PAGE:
On behalf of the Acting Associate Commissioner for Program Benefits, you requested
that we research the laws in Region IX's states and territories concerning the authority
of representative payees to invest conserved funds of beneficiaries. You noted that
the applicable regulations provide that conserved funds be invested in accordance
with the rules followed by trustees.
Arizona, California and Hawaii have adopted the Uniform Prudent Investor Act which
sets out the duties of a trustee. Although the Act does not expressly mandate or prohibit
specific types of investments, a trustee must exercise reasonable care, skill and
caution in managing and investing assets. The Uniform Prudent Investor Act does not
impose special rules on parents acting as trustees.
Guam and Nevada have not adopted the Uniform Prudent Investor Act. In Guam, a trustee
must obey the trust and has a duty to provide reasonable security for the assets.
He must at least accumulate simple interest on monies held in trust. A guardian must
manage assets frugally and without waste, and apply the assets as necessary for the
comfort and suitable support,
maintenance and education of the ward. In Nevada, a trustee may acquire any kind of
investment which "persons of prudence, discretion and intelligence acquire or retain
for their own account." A custodian of a minor's property must observe the standard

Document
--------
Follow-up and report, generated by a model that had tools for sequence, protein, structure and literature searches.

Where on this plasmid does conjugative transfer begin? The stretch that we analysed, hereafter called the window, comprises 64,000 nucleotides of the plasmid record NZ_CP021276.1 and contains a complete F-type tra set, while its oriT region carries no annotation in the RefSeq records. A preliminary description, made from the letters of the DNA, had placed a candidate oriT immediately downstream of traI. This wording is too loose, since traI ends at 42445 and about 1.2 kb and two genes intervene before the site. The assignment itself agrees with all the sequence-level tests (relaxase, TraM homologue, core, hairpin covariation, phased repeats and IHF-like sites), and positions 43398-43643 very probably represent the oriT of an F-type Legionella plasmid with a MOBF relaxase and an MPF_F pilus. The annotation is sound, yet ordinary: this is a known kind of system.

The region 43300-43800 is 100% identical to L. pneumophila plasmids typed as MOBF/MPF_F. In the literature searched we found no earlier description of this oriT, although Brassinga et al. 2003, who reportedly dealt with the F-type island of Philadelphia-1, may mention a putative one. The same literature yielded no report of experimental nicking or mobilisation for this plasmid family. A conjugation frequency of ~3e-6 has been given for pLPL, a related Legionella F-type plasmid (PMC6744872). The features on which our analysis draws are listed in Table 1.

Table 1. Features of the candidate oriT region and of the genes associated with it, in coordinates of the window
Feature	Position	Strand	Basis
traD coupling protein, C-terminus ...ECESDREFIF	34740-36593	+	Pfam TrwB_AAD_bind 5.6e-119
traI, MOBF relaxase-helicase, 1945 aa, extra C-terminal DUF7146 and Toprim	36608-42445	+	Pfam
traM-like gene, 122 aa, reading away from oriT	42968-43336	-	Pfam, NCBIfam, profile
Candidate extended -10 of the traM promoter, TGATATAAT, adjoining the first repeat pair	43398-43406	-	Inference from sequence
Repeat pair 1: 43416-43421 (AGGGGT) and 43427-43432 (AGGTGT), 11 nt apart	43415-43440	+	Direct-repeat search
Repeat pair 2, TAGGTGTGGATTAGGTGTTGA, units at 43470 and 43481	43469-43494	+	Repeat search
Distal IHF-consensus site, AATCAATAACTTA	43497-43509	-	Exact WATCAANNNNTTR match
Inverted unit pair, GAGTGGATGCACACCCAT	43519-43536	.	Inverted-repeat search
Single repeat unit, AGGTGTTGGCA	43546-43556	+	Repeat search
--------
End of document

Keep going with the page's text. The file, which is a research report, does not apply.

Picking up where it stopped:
of care that would be observed by a prudent person dealing with the property of another.
The following is a summary of each state/territory's law in alphabetical order.
1. Which types of investments are considered appropriate under the "prudent man"
Although Nevada has not adopted the Uniform Prudent Investor Act, its law seems to
parallel the Act. Nevada's standard of care in investing and managing property is
found at Nevada Revised Statutes § 164.050.
The fiduciary may acquire every kind of property, real or personal or mixed, and every
kind of investment, including, without limitation, bonds, debentures and other corporate
obligations, and stocks, preferred or common, which persons of prudence, discretion
and intelligence acquire or retain for their own account.
2. Under State law, are parent payees permitted to invest the funds belonging to
their minor children different than other types of payees?
Nevada law is silent on this issue. However, Nevada law does speak to the duties and
powers of a custodian of a minor in dealing with custodial property belonging to a
minor. The law seems to parallel the prudent investor standard. It requires that a
custodian, in dealing with custodial property, must observe the standard of care that
would be observed by a prudent person dealing with property of another, and is not
limited by any other statute restricting investments by fiduciaries. It further provides
that, if the custodian has a special skill or expertise or is named custodian on the
basis of representation of a special skill or expertise, he must use that skill or
expertise. Nevada Revised Statutes § 167.050.
3. What are the rules followed by trustees regarding the investment of funds with
which they are entrusted?
In investing and managing property for the benefit of another, a fiduciary should
exercise the judgment and care which persons of prudence, discretion and intelligence exercise in the management of their own affairs, not in regard to speculation, but
in regard to the permanent disposition of their capital. The propriety of an investment
decision is to be determined by what the fiduciary knew or should have known at the
time of the decision about the inherent nature and expected performance of the investment,
the attributes of the portfolio, the general economy and the needs and objectives
of the beneficiaries.